In the movies, when a baby is about to be born, the doctor, with a very concerned look on his face, comes out of the room and says, "I need hot water, lots of it!". He doesn't need lots of hot water: I was present at the birth of my son, and we didn't use any hot water, though I did help give him a warm bath later.
It very much the same when the idea of a sugar factory is being born, the project promoters say "We need engineers, lots of them". again, this is a mistake: employing lots of engineers should come near the end of the feasibilty process.
All of the sugar factory feasibilty studies I have worked on have been least sensitive to the capital cost of the plant. This means you don't need an accurate cost of the plant at this point, probably a 40% accurate price is adequate.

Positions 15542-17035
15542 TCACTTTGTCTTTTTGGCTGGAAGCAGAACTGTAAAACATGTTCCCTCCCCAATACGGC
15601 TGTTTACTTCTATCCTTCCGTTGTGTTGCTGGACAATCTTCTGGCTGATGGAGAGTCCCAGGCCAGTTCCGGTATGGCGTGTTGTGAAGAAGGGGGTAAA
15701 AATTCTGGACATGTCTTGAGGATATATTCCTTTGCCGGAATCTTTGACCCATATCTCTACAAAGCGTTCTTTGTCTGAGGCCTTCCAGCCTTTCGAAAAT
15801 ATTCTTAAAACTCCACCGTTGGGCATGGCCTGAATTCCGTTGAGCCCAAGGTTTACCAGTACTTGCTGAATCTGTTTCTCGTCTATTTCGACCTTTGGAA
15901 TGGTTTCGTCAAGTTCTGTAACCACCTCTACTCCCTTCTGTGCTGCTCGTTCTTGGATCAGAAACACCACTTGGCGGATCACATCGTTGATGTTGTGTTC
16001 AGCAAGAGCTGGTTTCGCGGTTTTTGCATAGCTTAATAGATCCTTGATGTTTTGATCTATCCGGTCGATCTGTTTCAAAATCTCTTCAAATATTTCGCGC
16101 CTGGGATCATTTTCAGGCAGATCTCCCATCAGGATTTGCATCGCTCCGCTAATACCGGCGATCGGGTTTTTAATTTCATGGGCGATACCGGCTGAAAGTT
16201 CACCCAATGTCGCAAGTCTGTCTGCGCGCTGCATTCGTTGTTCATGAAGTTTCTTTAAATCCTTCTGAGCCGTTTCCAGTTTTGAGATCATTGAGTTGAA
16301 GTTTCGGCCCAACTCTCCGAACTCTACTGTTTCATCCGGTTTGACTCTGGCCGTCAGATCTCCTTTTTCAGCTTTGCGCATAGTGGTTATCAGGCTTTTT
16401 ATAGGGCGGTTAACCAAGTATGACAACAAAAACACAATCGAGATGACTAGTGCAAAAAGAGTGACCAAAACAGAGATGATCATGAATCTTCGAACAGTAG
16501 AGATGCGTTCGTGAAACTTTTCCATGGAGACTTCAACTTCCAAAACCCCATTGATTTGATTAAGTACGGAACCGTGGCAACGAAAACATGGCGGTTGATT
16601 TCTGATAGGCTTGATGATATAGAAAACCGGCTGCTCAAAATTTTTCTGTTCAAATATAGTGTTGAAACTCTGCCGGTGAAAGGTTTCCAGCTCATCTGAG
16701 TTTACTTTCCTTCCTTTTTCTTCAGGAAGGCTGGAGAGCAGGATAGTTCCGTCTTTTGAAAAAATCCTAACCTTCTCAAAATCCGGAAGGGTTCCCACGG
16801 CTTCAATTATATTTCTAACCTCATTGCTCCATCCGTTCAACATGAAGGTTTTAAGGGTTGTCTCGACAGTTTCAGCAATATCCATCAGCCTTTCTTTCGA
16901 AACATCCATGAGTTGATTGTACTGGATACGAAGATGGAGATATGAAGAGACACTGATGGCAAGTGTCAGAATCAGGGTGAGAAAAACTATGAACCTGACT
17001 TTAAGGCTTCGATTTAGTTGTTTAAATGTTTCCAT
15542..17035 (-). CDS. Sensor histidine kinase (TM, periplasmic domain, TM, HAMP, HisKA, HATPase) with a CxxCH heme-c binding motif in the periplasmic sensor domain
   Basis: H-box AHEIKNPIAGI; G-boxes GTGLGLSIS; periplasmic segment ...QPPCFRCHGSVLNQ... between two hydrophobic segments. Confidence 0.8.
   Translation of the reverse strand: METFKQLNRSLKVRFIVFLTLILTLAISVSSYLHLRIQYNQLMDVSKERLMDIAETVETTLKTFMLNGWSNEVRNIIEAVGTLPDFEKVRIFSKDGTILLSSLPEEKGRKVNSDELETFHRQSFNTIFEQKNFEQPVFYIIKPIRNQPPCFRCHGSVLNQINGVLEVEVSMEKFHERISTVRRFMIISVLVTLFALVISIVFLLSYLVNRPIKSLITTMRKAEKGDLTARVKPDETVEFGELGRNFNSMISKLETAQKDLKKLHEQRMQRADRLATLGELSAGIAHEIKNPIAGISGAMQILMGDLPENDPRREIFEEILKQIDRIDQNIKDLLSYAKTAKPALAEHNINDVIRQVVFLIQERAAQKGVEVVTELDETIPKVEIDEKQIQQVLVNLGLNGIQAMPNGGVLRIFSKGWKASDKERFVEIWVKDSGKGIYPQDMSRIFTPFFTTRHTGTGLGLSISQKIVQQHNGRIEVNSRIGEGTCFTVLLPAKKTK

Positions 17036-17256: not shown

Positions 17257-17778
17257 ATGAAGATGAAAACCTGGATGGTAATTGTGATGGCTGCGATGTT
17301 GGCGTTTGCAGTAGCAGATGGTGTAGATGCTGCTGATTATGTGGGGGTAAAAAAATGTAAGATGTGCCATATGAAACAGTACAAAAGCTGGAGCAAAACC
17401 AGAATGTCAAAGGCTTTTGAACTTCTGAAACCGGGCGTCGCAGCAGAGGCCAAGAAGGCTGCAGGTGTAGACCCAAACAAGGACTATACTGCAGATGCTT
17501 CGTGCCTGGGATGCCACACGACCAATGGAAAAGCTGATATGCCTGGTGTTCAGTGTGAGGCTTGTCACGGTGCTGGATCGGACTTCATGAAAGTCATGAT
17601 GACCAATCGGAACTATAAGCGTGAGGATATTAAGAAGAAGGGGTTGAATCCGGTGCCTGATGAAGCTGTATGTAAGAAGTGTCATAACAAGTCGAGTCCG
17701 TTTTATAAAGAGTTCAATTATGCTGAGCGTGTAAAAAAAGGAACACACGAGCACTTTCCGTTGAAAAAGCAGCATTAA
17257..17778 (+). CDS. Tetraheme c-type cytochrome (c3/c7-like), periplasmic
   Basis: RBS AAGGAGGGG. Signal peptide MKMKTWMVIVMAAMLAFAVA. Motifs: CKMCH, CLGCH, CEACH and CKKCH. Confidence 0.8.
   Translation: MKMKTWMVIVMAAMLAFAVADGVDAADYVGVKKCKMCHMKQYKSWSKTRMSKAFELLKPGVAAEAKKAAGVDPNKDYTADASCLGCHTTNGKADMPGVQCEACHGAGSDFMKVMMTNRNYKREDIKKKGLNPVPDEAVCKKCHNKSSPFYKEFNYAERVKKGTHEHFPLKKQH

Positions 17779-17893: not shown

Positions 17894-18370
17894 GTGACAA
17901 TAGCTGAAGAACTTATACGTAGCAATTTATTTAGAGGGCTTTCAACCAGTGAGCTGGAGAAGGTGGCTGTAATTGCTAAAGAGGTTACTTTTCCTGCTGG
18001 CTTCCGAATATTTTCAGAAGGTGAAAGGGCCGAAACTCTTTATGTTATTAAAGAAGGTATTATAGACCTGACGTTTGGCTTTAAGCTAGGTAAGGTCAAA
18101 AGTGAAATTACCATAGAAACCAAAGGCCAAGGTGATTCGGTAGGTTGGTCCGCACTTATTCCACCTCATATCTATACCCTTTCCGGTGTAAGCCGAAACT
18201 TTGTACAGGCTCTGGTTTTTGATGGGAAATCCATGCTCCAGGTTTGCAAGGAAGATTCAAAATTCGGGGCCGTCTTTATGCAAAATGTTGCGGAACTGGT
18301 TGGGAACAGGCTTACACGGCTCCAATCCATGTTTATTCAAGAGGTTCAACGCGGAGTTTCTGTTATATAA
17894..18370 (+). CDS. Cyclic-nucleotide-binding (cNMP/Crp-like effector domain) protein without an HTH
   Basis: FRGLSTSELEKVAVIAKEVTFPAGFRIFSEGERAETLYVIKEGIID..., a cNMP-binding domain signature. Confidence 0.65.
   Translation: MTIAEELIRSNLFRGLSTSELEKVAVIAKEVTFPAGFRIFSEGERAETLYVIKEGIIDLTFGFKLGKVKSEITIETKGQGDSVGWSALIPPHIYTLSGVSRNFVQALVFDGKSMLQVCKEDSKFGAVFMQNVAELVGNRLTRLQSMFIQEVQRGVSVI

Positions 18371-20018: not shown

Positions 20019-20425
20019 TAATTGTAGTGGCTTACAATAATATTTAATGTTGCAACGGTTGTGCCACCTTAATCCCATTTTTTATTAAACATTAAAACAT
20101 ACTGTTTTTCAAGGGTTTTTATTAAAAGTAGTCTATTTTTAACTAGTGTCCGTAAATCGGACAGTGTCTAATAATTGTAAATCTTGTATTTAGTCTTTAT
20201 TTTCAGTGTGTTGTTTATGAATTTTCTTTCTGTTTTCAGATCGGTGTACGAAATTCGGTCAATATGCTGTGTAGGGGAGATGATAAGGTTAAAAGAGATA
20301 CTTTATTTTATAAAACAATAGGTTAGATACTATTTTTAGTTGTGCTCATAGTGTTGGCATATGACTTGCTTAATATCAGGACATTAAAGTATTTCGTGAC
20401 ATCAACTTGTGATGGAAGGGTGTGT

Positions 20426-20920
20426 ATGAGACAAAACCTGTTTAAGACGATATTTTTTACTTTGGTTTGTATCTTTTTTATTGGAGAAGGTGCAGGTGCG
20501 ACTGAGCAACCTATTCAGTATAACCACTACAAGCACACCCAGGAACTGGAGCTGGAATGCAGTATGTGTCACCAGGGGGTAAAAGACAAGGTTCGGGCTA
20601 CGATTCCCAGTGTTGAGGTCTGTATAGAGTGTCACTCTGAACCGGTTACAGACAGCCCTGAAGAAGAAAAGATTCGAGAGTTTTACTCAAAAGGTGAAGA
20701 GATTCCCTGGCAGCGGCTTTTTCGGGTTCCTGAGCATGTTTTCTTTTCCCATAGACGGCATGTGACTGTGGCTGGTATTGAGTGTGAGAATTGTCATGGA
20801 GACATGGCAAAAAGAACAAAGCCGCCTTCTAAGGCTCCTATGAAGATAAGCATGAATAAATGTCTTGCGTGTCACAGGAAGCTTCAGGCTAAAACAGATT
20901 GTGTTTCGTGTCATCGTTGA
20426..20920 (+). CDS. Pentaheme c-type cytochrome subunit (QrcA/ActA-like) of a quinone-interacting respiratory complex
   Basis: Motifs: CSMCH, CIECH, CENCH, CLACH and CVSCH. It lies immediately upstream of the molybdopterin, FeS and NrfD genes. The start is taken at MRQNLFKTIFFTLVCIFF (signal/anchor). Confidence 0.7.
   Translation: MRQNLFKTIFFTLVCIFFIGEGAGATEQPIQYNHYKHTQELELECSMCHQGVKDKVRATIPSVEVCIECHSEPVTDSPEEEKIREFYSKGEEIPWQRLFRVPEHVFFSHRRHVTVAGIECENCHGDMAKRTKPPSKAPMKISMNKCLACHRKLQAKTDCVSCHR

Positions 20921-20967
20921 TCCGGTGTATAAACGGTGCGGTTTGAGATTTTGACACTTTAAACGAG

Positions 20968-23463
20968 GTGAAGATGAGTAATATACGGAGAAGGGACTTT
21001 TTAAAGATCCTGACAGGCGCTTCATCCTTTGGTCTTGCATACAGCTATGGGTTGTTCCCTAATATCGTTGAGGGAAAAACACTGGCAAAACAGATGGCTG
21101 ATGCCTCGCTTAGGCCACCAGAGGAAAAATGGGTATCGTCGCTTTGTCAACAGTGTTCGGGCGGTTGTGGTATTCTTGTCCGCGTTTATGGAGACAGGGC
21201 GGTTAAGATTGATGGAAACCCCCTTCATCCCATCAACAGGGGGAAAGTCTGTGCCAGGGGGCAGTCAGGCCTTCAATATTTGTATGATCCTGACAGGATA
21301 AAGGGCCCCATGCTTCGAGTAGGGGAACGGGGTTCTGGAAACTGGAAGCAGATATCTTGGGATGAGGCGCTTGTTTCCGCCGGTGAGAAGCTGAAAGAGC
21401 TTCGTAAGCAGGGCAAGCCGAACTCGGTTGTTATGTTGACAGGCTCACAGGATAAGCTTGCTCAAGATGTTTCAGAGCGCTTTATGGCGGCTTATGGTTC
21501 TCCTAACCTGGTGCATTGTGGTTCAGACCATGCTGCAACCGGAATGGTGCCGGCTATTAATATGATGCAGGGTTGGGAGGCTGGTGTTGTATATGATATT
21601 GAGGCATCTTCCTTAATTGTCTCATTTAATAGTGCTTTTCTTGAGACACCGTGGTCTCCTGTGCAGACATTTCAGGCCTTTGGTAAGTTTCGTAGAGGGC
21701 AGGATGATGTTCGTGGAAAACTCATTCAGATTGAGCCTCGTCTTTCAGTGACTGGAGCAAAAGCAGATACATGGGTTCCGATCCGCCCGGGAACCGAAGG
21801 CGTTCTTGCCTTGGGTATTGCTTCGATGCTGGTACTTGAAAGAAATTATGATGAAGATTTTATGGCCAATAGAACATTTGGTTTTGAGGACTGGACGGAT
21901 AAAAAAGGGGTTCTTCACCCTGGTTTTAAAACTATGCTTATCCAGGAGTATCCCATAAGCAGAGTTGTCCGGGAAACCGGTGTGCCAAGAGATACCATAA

The selling price of sugar is usually the most sensitive parameter, together with things like agricultural yield and cane or beet quality. This is where the work in producing accurate numbers is required as these are the factors that will drive the feasibilty of the project to success or failure
So, when starting out on a feasibilty study, start at the destination, not, the departure point.
Next go to the other end of the process, the fields where the canes or beets are grown.
Now you need an estimate of the capital cost of the factory. The are many rules of thumb that are good enough at this point
The answers to these questions, together with an estimate of factory operating costs and overheads, should be enough tell you whether to continue on your feasibility or not. If the outcome of the pre-feasibilty is continue, now you can employ the engineers, lots of them, to do the design and capital cost estimate and the feasibility study